PEP Newsletter

Ideas For Your Parish

________________________________________________________________________________________                                                                                                     June, 2024

Who Are the U.S. Catholics

On April 12, 2024, the Pew Research Center published information about the makeup of the Catholic population in the United States.  (9 Facts About U.S. Catholics by Justin Nortely, Patricia Tevington and Gregory A. Smith)  It stated, “The U.S. has more Catholics than all but three other countries – Brazil, Mexico and the Philippines.”  Here are the demografics related to U.S. Catholics:

  1. Currently, 20% of U.S. adults describe themselves as Catholic, a percent-age that has remained approximately the same since 2014.
  2. A majority (57%) of Catholics are non-Hispanic White, while a third (33%) are Hispanic. Only 4% are Asian, 2% Black and 3% of another race.
  3. Overall, Catholics tend to be older than Americans as a whole, 28% being over 65, compared with 22% of the general public. Close to three-fifths (57%) of the adult Catholics are at least 50 years of age, compared with 48% of the general population.
  4. The racial and ethnic makeup of the Catholic population varies by where they live. Most of the non-Hispanic Whites are located in the Midwest (80%) or Northeast (72%).  There is greater racial/ethnic diversity in the West where the majority of the people are Hispanic (55%) and the South where 40% have an Hispanic lineage.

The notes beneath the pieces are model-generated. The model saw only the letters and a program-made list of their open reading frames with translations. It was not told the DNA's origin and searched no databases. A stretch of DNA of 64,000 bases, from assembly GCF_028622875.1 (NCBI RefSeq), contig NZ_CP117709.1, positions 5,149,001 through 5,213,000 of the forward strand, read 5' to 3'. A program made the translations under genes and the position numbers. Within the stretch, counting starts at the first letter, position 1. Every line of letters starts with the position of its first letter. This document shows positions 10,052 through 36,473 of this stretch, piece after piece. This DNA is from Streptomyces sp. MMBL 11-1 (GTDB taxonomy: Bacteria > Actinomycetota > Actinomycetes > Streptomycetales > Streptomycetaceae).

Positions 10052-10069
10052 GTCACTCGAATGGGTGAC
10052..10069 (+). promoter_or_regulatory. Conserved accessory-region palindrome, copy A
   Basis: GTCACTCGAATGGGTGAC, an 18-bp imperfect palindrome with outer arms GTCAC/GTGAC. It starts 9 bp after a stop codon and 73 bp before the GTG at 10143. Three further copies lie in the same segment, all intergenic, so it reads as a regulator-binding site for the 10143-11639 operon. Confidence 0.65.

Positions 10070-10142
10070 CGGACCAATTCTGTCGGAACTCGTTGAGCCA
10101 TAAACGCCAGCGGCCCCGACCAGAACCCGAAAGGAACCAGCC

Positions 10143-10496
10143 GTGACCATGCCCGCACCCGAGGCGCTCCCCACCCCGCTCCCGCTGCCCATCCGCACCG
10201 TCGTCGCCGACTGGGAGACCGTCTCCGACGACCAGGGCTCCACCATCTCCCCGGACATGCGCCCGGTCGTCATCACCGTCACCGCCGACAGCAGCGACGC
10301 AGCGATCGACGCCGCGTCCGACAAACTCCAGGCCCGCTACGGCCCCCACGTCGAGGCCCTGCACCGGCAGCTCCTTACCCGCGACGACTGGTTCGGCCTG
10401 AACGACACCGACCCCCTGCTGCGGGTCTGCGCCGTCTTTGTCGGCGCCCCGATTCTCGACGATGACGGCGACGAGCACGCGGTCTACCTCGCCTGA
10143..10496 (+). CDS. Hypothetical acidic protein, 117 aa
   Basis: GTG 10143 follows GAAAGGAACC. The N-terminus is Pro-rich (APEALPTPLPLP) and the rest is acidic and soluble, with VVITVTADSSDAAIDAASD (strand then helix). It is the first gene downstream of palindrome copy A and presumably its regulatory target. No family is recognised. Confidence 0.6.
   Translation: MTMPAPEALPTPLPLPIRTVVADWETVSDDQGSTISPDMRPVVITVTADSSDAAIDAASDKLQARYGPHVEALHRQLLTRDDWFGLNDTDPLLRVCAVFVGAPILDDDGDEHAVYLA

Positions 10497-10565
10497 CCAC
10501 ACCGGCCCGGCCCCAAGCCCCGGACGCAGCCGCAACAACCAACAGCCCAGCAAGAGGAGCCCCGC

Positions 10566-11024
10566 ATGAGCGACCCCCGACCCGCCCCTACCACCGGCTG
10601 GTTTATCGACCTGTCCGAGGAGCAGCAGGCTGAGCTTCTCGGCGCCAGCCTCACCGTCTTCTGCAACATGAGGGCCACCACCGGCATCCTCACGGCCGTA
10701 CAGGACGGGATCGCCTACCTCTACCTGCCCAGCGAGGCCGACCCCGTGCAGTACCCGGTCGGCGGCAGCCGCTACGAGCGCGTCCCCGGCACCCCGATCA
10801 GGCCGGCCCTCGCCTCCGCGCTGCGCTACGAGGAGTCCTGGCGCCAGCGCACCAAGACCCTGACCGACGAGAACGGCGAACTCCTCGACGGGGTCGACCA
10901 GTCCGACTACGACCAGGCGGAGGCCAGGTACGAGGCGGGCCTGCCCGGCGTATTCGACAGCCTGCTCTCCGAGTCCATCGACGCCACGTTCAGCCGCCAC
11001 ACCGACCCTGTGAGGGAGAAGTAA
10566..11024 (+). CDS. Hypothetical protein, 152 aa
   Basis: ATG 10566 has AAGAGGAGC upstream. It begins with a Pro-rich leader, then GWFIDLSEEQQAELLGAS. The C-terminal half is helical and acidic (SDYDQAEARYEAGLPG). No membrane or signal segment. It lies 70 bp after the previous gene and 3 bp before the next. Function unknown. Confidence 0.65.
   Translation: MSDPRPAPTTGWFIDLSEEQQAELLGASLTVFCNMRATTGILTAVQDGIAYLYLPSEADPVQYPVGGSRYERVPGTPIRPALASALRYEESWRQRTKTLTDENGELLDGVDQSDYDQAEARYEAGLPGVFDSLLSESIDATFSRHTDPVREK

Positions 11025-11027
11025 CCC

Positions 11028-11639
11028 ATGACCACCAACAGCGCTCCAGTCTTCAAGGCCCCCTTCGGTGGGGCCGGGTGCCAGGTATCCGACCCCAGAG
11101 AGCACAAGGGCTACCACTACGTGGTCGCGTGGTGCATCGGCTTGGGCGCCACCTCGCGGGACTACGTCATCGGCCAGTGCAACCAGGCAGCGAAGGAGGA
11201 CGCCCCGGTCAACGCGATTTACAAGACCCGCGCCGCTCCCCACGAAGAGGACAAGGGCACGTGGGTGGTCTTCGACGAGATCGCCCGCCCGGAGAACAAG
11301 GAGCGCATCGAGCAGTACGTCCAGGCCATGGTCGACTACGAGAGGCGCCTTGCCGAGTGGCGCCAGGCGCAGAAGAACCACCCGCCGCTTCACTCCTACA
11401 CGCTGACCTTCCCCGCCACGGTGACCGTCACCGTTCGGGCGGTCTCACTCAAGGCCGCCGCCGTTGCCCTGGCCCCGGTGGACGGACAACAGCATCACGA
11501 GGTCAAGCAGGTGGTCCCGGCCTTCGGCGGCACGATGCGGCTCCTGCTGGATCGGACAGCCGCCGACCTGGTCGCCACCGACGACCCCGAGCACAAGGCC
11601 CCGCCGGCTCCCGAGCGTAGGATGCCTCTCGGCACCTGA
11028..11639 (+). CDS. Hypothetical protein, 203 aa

5. Education levels vary among Catholic adults, with 68% of White population having either graduated from college or who attended at least a year or two of higher education. This is not the case for Hispanic Catholics.  Only 41% of them have attended college, 27% below their White counterparts.
  6. Less than a third of U.S. Catholics (28%) said they attended Mass at least once a week, and another 10% said they came on a monthly basis. There was no significant difference between the attendance patterns of White and Hispanic Catholics regarding their liturgical attendance.
  7. Voting patterns differed significantly between White and Hispanic adults. The former tended towards the Republican side, while the latter toward the Democrat, with 61% of the Whites leaning toward the Right and more of the Hispanics (60%) toward the Left.
  8. Catholic attitudes toward whether abortion should be legal or not depended on their political preference. As a whole, 61% felt it should be legal, but this differed significally with what political party they favored.  Among Catholic Democrats, 78% said it should be legal in most or all cases, compared with less than half (43%) of Catholic Republicans. 
  9. As a whole, 75% of U.S. Catholic adults at the present time are favorable toward Pope Francis, which is down from 84% when he was first elected in 2013. Although a slippage of 9% has occurred in 11 years, this still is a high positive rating compared with other well-known leaders. 

These attitudes from Catholic adults around the country might stimulate a discussion among staff and parish leaders, either separately or as a combined group.  After allowing personal time to contemplate one’s own reaction to these topics, the participants would then share with each other, either as a whole body or in the subgroups.  It might even prove helpful to write up a summary of the interaction to share with others, along with various ways in which these people could offer their ideas and feedback as well.